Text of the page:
ii. Similarly, if the bond yield decreases by 5 basis points to 7.40% (=7.45 − 0.05), the bond price is 101,096.71. A decrease of bond yield by 5 basis points increases the bond price by 93.70 (=101,096.71 − 101,003.01). Thus,

Similarly, if the bond yield decreases by 5 basis points to 7.40% (=7.45 − 0.05), the bond price is 101,096.71. A decrease of bond yield by 5 basis points increases the bond price by 93.702 (=101,096.71 − 101,003.01). Thus,

$$ \begin{align*} \text{DV01} & =-\cfrac { \Delta \text{P} }{ \Delta \text{r} } = -\cfrac {101,096.71-101,003.01}{-5} \\ & =\cfrac {-93.164}{5}=18.632 \end{align*} $$

The average of the estimates is 18.33 given as:

$$ \cfrac {18.0328+18.632}{2}\approx 18.33 $$

In the cases of the forward rates, the analogy is similar to that of the spot rates. However, this chapter will primarily emphasize on DV01 computed from a one-basis-point parallel shift in the term structure of **spot rates.**

In any position that depends on the interest, DV01 can be computed efficiently. DV01 can, therefore, be used to hedge a position. For example, assume that a bank has a position whose DV01 is −40. By the definition of DV01, the banks will gain from their position if interest rates increases and will undoubtedly lose value if interest rates decrease. More specifically, if all the interest increases by the one-basis point, the value of the bank’s position increases by USD 40. On the contrary, if all interest rates decrease by one basis point, the value of the bank’s position decreases by USD 40.

Now assume that this bank wants to hedge its position with a coupon bond that pays an annual coupon rate of 8% payable semiannually, has a face value of USD 100,000, and a bond yield of 7.50%. If we can determine a position in the coupon bond that is exactly 40, the bank’s position would have been hedged.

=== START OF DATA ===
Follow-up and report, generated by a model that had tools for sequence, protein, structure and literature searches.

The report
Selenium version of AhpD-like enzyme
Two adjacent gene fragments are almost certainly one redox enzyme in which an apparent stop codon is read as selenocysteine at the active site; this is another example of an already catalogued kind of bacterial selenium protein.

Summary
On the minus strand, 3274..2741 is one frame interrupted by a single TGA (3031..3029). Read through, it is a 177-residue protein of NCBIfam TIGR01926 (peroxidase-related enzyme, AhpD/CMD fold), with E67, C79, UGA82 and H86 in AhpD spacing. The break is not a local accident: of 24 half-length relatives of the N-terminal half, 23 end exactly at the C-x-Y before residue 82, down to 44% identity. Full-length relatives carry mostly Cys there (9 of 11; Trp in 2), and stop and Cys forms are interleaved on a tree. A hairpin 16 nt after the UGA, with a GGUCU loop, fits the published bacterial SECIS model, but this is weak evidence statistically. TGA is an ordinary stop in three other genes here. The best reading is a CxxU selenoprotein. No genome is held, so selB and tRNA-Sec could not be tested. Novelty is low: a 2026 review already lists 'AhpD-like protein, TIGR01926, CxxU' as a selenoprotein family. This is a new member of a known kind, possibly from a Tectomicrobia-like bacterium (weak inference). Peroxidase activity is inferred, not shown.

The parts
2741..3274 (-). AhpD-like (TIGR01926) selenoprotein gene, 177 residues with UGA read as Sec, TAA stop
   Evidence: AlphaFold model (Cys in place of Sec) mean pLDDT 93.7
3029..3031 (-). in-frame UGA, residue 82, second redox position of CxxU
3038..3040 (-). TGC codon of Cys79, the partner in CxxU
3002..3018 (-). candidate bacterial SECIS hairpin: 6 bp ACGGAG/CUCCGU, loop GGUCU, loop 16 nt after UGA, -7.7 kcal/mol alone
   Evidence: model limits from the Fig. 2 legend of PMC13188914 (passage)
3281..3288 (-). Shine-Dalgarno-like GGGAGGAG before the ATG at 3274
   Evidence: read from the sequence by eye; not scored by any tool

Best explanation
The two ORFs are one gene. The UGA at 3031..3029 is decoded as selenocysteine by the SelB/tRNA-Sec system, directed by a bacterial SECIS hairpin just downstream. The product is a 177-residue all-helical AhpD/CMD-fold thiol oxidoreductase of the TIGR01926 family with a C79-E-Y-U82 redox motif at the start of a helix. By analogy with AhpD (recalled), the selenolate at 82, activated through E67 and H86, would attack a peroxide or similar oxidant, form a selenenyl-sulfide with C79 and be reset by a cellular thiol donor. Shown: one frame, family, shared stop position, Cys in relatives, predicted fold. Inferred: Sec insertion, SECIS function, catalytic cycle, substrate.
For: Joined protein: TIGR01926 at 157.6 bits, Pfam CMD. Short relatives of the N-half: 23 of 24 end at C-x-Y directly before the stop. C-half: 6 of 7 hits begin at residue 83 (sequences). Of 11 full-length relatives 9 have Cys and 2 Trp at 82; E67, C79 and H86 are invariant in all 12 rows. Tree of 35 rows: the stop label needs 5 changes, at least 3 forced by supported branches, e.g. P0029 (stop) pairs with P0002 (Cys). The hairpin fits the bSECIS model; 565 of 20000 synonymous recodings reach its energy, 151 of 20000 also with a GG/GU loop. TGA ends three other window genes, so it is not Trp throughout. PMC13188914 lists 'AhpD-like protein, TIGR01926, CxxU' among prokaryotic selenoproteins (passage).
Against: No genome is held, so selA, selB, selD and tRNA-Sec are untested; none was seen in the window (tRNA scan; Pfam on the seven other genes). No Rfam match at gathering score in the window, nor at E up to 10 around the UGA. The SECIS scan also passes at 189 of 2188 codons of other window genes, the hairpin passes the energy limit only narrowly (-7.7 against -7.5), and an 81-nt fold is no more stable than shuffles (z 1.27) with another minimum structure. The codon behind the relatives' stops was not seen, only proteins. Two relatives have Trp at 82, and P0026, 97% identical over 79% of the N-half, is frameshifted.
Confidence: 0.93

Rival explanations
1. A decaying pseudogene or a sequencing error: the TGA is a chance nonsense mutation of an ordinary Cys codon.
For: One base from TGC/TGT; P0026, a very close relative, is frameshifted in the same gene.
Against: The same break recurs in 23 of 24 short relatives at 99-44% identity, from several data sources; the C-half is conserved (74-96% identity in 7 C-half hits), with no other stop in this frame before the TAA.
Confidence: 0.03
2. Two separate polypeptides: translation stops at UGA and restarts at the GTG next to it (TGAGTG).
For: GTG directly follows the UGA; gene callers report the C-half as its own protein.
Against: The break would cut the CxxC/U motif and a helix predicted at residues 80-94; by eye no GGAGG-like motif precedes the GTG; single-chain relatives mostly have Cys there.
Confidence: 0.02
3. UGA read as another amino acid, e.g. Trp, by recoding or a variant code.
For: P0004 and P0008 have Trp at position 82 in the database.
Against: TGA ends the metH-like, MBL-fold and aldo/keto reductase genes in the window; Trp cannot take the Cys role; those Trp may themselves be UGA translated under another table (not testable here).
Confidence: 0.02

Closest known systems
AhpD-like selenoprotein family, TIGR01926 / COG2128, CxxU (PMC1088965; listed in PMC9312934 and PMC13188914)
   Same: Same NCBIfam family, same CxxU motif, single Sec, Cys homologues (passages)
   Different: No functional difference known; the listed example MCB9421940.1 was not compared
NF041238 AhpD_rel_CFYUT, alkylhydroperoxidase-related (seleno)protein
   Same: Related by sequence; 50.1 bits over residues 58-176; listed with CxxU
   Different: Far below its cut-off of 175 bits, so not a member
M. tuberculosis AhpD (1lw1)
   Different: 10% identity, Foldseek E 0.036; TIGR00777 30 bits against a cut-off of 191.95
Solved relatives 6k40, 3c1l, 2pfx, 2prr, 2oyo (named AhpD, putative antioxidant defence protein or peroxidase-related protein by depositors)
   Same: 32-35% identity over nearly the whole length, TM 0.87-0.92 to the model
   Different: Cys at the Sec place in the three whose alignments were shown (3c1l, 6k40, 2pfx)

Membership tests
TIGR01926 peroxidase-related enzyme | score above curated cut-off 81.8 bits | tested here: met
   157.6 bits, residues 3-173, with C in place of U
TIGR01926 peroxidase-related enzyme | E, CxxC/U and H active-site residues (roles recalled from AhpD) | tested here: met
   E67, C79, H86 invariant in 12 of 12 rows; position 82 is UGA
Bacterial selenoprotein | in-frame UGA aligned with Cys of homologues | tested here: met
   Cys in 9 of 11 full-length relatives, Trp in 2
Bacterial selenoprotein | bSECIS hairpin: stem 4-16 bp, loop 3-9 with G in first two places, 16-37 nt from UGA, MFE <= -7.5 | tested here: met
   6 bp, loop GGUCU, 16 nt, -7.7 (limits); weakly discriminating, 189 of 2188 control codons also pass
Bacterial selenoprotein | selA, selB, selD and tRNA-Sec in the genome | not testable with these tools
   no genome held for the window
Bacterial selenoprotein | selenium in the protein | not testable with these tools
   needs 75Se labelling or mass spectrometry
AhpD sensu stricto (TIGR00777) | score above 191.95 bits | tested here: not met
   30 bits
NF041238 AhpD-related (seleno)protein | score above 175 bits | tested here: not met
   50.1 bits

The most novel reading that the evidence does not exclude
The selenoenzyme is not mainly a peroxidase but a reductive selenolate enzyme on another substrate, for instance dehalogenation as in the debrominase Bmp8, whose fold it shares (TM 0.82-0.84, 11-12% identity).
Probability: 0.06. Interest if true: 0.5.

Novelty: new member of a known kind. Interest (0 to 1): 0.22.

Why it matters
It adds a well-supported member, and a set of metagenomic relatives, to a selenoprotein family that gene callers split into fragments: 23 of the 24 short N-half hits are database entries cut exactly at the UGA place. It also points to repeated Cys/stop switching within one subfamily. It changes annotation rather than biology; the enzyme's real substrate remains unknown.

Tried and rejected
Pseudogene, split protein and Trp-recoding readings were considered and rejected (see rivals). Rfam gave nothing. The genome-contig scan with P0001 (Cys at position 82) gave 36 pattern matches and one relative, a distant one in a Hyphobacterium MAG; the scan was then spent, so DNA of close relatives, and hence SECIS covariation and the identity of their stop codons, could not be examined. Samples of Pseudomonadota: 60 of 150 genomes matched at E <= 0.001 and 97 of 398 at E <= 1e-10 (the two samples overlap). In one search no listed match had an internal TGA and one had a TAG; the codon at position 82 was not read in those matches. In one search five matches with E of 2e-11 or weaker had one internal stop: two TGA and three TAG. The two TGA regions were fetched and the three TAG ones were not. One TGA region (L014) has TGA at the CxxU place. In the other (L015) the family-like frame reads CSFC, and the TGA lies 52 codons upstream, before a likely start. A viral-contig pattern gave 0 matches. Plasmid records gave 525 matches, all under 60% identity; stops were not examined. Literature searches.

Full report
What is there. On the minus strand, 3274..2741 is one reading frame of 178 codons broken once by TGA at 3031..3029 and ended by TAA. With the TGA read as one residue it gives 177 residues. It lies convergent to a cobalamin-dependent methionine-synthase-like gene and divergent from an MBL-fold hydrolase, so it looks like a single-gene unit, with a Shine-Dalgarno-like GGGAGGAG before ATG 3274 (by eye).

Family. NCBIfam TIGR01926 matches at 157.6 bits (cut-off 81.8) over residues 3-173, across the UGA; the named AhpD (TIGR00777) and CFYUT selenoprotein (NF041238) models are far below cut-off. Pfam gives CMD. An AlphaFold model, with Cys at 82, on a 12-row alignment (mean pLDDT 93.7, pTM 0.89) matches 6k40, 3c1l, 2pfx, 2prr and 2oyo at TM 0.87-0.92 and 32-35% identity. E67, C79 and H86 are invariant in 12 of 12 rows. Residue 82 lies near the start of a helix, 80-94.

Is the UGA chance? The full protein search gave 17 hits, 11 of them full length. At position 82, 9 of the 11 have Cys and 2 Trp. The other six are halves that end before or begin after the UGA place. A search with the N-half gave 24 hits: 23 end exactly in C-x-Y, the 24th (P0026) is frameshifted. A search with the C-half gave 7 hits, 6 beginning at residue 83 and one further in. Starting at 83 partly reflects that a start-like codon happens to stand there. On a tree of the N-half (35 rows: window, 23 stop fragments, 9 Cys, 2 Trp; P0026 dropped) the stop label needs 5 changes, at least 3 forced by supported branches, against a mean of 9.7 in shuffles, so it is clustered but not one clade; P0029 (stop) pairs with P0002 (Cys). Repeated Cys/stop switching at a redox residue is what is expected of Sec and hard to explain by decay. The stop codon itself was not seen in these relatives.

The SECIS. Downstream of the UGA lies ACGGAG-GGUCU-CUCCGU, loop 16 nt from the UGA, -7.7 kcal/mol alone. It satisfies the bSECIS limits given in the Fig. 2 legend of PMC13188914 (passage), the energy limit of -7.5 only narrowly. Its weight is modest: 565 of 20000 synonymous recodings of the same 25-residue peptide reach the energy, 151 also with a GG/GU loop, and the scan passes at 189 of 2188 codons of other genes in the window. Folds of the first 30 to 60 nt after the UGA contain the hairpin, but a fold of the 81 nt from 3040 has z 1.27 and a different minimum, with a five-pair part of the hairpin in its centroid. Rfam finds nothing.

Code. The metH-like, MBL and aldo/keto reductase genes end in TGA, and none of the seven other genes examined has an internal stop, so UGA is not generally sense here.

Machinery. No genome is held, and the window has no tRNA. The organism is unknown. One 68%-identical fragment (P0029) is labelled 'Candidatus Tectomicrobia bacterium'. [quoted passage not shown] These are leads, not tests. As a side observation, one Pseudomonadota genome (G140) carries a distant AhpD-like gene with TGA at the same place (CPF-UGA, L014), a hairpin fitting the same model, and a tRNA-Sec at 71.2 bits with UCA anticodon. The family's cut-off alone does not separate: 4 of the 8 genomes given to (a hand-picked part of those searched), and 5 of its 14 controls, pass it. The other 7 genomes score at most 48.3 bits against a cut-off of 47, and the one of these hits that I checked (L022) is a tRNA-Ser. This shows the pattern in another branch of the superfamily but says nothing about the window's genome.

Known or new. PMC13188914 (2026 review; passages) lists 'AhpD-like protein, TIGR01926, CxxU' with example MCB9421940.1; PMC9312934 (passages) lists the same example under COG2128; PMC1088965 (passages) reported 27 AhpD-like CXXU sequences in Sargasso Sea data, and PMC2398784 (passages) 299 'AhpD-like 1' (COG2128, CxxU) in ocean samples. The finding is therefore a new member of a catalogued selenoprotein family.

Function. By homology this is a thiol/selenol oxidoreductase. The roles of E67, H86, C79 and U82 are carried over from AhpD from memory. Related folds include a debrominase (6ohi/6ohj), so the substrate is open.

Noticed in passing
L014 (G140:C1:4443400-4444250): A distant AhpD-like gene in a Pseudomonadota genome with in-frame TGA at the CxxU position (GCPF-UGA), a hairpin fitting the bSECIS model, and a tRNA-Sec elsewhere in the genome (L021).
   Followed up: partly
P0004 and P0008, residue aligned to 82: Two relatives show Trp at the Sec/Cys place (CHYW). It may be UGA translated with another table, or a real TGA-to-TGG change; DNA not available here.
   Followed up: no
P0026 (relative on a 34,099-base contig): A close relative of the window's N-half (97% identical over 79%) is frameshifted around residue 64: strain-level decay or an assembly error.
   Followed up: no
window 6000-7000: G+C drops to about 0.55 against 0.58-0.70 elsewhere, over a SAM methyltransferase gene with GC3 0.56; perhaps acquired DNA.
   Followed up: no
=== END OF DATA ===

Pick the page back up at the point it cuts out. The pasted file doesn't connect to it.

A hedge ratio determines the amount of par of the hedge position that needs to be bought or sold for every $1 par value of the original position. The goal of hedging is to lock in the value of a position even in the face of small changes in yield. The hedge ratio is given by:

$$ \text{HR}=\cfrac { { \text{DV01} }_{ \text{Initial Position} } }{ { \text{DV01} }_{ \text{Hedge Position} } } $$

Assume that DV01 of the coupon bond is 18.33. We use the hedge ratio and the bond’s face value to increase the DV01 of the bond to 40. In this case, we need to increase the value of the position by:

$$ 100,000\times\cfrac {40}{18.33}=$218,221.50 $$

Thus, adding the USD 218,221.50 of coupon bond’s position to the bank’s portfolio protects against small changes in the term structure. In other words, a downward (upward) movement of the term structure will result in a gain (loss) on the existing position, which will be offset by a loss (gain) on the position in the 8% coupon bond.

Effective duration measures the percentage change in the price of a bond (or other instruments) caused by small changes in all rates. Note that effective duration is different from DV01 because DV01 measures actual price changes against small changes in all rates.

Effective duration is defined as:

$$ \text{D}=-\cfrac { \cfrac {\Delta \text{P}}{P} }{ \Delta \text{r} } = -\cfrac { \Delta \text{P} }{\text{P} \times \Delta \text{r} } $$

The effective duration can also be rewritten as:

$$ { \Delta \text{P} }=-{\text{D}}\times{\text{P}}\times{\Delta \text{r} } $$

When the change in all rates is measured basis points, the effective duration is equivalent to** DV01 divided by the bond price.**

Consider the DV01 example on the spot rates where we had calculated the price of the bond USD 101,003.01 and the DV01 of 18.38 so that the duration is:

$$ \cfrac {18.33}{101003.01}=0.000182=0.0182\% $$

Effective duration gives the proportional change in the price of an instrument corresponding to a one-basis point change in all interest rates.

Typically, the effective duration is stated as a percentage change in the price of an instrument for a 100-basis-change in all rates by multiplying the effect of one-basis-point change by 100. Therefore, our example above would be stated as 1.82% per 100 basis points.

However, for the sake of clarity, the duration in this chapter will be reported as a decimal. In the decimal reporting system, one basis point is equivalent to 0.0001, and thus, we measure duration per 10,000 basis points. Therefore, the duration calculated above will be:

$$ 0.000182\times10,000=1.82 $$